By Daniel Weintraub
Californians have a love-hate relationship with direct democracy.
We love that we have the ability to set the politicians straight, either by getting a jump on them on the next big issue or reversing course when we think they’ve made a big mistake.
But we’re not wild about reading through all those damn initiatives that appear on the ballot every year, or sorting through the claims and counter claims of the interest groups that sponsor and oppose them. And we don’t like the way that big money pays to get most measures on the ballot and then underwrites the campaigns.
Those are among the findings of recent research by the independent Public Policy Institute of California, a non-partisan think tank which also suggested a few reforms.
Ironically, one of those ideas is to increase the role the Legislature plays in shaping ballot measures. Voters overwhelmingly approve of this idea, even though they relish the opportunity to overrule the politicians. That might seem like a contradiction. But the voters seem to hope that by bringing the Legislature into the game we can get them to do the right thing without the need for an initiative campaign.
One way to do this is to revive the idea of the indirect initiative, in which sponsors of an idea collect a certain number of signatures and then present the proposal to the Legislature. If it passes, the campaign ends there. If the Legislature balks, the measure proceeds to the next ballot.
Another, less ambitious approach would be to simply let the Legislature review ballot measures and suggest changes, perhaps limited to drafting errors or constitutional impairments. The authors could then adopt those changes and move on with their ballot campaign, or reject them.
The second suggested reform is to increase transparency when it comes to the backers of ballot initiatives. Some ideas: identify funders on petitions, in paid advertising and in the official ballot guide.
The third reform is to re-engage citizens in the initiative process. Remember, the idea of the ballot measure was to give citizens more power in the legislative process. But other than the vote, much of that power has been ceded to the same interest groups that lobby the Legislature full time. Now they also lobby the people.
Among the possibilities: giving volunteer-only signature campaigns more time to gather names to qualify a measure for the ballot; asking voters to re-affirm their decisions on ballot measures after the have been law for a few years; and establishing a citizens’ commission to review ballot measures and make recommendations on the ballot.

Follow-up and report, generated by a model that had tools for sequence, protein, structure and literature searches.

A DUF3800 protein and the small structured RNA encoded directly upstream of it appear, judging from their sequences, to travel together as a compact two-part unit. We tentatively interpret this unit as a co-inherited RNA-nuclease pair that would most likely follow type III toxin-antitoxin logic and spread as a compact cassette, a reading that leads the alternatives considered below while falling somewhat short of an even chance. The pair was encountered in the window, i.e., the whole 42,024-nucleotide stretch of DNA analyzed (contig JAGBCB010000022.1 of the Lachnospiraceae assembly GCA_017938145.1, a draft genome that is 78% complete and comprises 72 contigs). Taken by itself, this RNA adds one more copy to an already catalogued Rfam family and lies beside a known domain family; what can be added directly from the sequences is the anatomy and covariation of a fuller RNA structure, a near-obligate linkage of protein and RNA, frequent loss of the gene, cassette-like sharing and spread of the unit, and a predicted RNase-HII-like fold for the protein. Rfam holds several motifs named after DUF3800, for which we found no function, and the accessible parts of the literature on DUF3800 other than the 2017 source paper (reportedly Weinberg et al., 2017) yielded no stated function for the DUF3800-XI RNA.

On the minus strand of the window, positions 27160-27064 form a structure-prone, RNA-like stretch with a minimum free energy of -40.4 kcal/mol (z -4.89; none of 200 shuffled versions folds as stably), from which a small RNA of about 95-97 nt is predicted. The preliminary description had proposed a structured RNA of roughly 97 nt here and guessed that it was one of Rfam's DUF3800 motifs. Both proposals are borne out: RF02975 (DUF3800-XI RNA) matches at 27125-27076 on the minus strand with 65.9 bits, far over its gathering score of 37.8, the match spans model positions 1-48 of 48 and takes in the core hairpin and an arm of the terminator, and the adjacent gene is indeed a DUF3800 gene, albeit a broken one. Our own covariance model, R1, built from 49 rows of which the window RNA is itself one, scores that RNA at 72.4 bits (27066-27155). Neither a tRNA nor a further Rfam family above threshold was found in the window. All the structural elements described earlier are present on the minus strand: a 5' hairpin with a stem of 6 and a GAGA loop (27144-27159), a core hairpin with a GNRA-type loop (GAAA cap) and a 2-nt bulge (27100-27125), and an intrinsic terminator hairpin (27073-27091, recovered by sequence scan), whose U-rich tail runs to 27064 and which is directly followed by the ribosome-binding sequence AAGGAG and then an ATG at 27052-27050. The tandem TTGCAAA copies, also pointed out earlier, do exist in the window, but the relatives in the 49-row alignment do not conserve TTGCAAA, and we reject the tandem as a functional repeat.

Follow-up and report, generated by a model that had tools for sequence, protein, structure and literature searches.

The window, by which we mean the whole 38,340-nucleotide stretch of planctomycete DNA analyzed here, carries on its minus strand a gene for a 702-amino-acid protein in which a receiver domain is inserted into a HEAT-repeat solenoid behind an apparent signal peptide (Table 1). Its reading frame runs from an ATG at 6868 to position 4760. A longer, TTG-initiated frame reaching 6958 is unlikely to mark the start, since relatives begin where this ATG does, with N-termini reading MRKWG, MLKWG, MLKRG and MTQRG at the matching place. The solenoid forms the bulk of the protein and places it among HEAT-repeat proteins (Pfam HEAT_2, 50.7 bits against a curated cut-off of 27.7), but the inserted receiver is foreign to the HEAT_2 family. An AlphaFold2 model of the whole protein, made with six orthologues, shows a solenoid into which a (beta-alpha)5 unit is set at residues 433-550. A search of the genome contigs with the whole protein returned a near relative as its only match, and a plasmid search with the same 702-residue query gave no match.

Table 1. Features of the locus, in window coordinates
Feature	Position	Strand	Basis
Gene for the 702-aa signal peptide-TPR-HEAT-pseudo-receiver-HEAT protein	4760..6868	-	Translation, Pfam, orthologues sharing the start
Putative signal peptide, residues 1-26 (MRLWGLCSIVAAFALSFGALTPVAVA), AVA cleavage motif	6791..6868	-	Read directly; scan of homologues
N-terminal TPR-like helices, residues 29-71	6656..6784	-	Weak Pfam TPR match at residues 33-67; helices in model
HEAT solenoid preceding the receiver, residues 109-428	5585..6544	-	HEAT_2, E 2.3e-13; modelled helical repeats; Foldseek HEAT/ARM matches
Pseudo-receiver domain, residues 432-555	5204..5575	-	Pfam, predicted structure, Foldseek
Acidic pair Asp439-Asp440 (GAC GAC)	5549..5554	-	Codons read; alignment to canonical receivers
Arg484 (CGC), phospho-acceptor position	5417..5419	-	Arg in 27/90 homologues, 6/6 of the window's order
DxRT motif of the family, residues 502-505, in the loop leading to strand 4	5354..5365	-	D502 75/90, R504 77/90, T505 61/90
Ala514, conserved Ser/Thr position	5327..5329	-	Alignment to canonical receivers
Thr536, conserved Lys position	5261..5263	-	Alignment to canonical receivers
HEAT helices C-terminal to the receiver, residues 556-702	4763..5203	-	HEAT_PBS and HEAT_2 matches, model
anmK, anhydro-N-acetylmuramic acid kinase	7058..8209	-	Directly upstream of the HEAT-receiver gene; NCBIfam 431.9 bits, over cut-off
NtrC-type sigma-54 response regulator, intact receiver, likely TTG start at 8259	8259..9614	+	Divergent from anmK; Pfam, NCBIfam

At a recent forum to discuss the Public Policy Institute’s ideas, former Gov. Gray Davis – a lifetime political insider – conceded that even he was sometimes fooled by ballot measures.
Davis said he voted for one of the more famous initiatives – Proposition 98, which in 1988 amended the state constitution to set aside about 40 percent of the budget for kindergarten through community college education. But at the time, Davis said, he didn’t fully think through the consequences, and how that measure might siphon funding from other things in the budget that he also valued. If that detail escaped him, just imagine how even more complex measures confront less informed voters with issues they don’t understand.
“I do think we need to find a way to make sure the voters understand there is no free lunch,” Davis said. “The budget has X amount of money in it. If you mandate that 42 percent goes here, there’s only 58 percent left for everything else government does….Let’s make sure people understand the choices they are going to be making.”
The problem with all of these ideas is that while they sound good in concept, they can be tricky to implement in practice. Empowering the Legislature to tinker with ballot measures could lead to abuse of that power. Trying to identify the backers of initiative campaigns would likely lead to the creation of more ballot committees with more mom-and-apple pie sounding names. And one person’s “independent commission” to analyze ballot proposals could be another’s “liberal” tool or “right-wing” bias.
The biggest hurdle of all could be that any significant reform might have to pass the ultimate test – going before the voters. And those who favor the status quo would likely launch a confusing, well-funded, and one-sided ballot campaign against it.
Daniel Weintraub has covered California public policy for 25 years. He is editor of the California Health Report at www.healthycal.org